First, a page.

Mentorship of Ph.D. students in the Department of Economics

(Revised and approved by department faculty in February 2023)

Mentorship in the Department is governed by a combination of formal rules, criteria for promotion and salary evaluations, and informal conventions. The last is extremely important because everybody in the department understands that production of high-quality graduates is a very important signal of the quality of an economics department and the productivity of an individual faculty member. The following summarizes the most important elements of these rules, criteria, and conventions.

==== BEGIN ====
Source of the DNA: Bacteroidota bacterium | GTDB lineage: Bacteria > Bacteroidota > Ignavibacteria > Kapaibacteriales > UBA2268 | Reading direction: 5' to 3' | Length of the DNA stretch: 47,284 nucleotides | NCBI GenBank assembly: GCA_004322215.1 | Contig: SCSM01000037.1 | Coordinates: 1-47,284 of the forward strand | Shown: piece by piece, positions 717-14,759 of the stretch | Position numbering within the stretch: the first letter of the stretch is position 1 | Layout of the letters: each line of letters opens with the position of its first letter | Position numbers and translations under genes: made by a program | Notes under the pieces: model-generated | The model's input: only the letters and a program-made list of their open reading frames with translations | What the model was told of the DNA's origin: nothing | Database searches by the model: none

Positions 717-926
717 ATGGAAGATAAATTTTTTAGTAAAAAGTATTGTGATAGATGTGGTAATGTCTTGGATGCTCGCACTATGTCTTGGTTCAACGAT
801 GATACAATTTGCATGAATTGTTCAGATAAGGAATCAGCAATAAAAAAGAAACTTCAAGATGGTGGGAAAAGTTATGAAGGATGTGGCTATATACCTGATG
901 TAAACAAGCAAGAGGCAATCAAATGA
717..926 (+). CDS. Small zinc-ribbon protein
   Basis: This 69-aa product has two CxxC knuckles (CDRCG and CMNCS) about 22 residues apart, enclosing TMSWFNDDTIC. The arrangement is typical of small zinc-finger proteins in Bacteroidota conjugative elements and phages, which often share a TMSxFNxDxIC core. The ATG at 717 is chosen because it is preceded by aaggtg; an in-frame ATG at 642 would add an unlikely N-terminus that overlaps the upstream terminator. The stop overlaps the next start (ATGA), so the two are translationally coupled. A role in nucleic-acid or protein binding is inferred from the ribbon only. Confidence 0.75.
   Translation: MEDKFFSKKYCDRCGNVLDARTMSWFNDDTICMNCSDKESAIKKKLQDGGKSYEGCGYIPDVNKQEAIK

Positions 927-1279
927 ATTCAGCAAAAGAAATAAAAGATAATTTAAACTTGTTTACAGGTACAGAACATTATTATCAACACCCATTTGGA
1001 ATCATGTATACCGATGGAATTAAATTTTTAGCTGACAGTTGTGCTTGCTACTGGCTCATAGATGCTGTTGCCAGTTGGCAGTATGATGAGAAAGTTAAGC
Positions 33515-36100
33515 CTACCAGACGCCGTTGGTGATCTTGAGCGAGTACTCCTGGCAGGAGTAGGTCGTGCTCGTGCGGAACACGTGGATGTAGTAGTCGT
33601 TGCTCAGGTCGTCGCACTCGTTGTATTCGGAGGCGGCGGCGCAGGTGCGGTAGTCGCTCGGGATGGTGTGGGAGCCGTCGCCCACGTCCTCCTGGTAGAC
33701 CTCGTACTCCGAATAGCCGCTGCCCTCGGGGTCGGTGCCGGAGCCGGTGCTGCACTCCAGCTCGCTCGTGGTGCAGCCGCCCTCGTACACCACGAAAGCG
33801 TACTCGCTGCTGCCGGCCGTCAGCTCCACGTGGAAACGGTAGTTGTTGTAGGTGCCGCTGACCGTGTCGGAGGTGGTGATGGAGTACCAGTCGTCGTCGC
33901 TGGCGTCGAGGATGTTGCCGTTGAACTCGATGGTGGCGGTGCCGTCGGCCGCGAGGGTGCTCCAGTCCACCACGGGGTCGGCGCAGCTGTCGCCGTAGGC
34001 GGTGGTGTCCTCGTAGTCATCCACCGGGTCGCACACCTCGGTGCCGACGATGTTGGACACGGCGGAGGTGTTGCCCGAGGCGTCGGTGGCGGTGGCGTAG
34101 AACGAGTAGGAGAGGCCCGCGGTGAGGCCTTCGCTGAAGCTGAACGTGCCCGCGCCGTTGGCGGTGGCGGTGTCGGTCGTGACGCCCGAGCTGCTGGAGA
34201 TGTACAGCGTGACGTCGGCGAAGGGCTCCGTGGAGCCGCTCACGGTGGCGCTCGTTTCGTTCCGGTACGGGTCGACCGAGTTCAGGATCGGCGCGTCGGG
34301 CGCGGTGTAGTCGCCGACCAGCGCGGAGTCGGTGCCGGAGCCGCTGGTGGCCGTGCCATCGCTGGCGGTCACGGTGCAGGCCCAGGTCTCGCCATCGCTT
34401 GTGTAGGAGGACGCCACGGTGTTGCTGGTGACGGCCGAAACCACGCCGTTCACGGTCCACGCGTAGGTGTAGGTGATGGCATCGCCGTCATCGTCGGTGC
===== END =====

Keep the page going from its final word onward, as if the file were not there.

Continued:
1. New PhD students are assigned a first-year faculty mentor before they arrive to begin their first year. These assignments are made by the Director of Graduate Studies (DGS), and all faculty members understand that this is an integral part of service to the Department. The DGS assigns to students a faculty member whose field interests overlap with those of the student (as indicated in application statements). Students in our program typically do not do research in their first year, which comprises a set of courses that focus on the fundamental methods of economics. The first-year faculty mentor will thus not necessarily become the student’s main dissertation advisor. Their main role is threefold: to provide a friendly familiar face for the student, many of whom will be arriving in a new-to-them region where they know nobody personally; to be a point of contact, to whom the student can turn when facing any difficult problems; and to keep track of the student's academic progress, alerting the student and the DGS when problems seem to be surfacing. Faculty first-year mentors are asked to contact students around the start of fall classes to arrange an initial meeting, and then to initiate follow up meetings regularly throughout the year. Sometimes the interactions between first-year students and their mentors turn into ongoing relationships that continue throughout the students' times at UMD, even when the students do not choose to do research in the area in which their faculty mentors are experts. Incoming PhD students are also assigned a peer mentor, an upper-level student who has passed the department’s comprehensive exams. The DGS recruits peer mentors by calling for volunteers, and students are generally happy to help. The DGS assigns mentors, matching as much as possible by gender, field interest and country of origin. Peer mentors are asked to contact students around the start of fall classes and then to meet periodically during the year. Peer mentors give incoming students a friendly face who knows the ropes and can tell them about what to expect and how to get the most out of the program. Peer mentors also generate important links among cohorts, which make it easier for the grad students to advocate collectively for their needs through the Economics Graduate Student Association, a group of second and third year students who meet periodically with the Chair and DGS.